Oncken, Hermann(hĕr`män ông`kən), 1869–1946, German historian. He taught at the universities of Heidelberg, Munich, Chicago, and (1928–35) Berlin. He was forced to retire because of his opposition to the Nazi regime. Among his chief works are Napoleon III and the Rhine (1926, tr. 1928, repr. 1967) and a history (1933) of Germany from 1870 to World War I. His other writings include essays and excellent biographies of Ferdinand Lassalle (1904) and of Rudolf von Bennigsen (1910). Oncken also edited diplomatic documents dating from 1858 to 1871.
Born Nov. 16, 1869, in Oldenburg; died Dec. 28, 1945, in Göttingen. Conservative German historian. Professor at the universities of Chicago (1905–06), Heidelberg (1907), Munich (1923), and Berlin (1928–35).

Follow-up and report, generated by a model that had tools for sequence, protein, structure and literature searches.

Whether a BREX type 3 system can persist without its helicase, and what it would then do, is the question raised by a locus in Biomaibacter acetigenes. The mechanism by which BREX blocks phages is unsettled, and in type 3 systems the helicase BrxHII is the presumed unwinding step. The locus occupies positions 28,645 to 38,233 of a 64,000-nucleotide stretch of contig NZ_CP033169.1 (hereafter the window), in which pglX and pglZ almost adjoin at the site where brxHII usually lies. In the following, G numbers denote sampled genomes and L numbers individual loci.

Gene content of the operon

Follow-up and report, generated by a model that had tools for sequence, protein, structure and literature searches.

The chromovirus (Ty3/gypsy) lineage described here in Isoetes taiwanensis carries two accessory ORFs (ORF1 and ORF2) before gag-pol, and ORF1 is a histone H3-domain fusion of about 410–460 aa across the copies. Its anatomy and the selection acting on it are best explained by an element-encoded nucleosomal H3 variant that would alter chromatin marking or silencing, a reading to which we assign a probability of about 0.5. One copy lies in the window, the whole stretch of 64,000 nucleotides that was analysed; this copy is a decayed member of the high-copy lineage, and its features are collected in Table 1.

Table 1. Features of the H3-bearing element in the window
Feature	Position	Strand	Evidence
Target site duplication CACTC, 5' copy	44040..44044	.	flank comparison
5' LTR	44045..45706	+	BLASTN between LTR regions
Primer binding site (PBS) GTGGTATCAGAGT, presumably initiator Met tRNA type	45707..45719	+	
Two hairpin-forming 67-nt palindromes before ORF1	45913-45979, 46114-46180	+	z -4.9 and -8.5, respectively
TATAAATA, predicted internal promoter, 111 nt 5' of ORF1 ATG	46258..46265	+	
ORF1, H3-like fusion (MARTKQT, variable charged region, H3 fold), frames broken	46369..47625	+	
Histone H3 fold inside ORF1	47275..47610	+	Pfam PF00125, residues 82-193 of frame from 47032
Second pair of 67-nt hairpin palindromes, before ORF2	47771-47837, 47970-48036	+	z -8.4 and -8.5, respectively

A stalwart advocate of the theory claiming the preeminence of foreign policy over domestic policy, Oncken adhered to L. von Ranke’s historical method. He supported the establishment of a close trade and political alliance between Germany and Austria-Hungary and viewed the expansionist policy of German imperialism as a defensive one, conditioned by Germany’s geographical position in the center of Europe. At the same time, Oncken criticized racial theory and advocated an “objective” evaluation of history. As a result, in 1935 the fascists deprived him of his chair in Berlin.
WORKSDas alte und das neue Mitteleuropa. Gotha, 1917.
Lassalle: Eine politische Biographie, 4th ed. Stuttgart-Berlin, 1923.
Die Rheinpolitik Kaiser Napoleons III…, vols. 1–3. Stuttgart, 1926.
B. M. TUPOLEV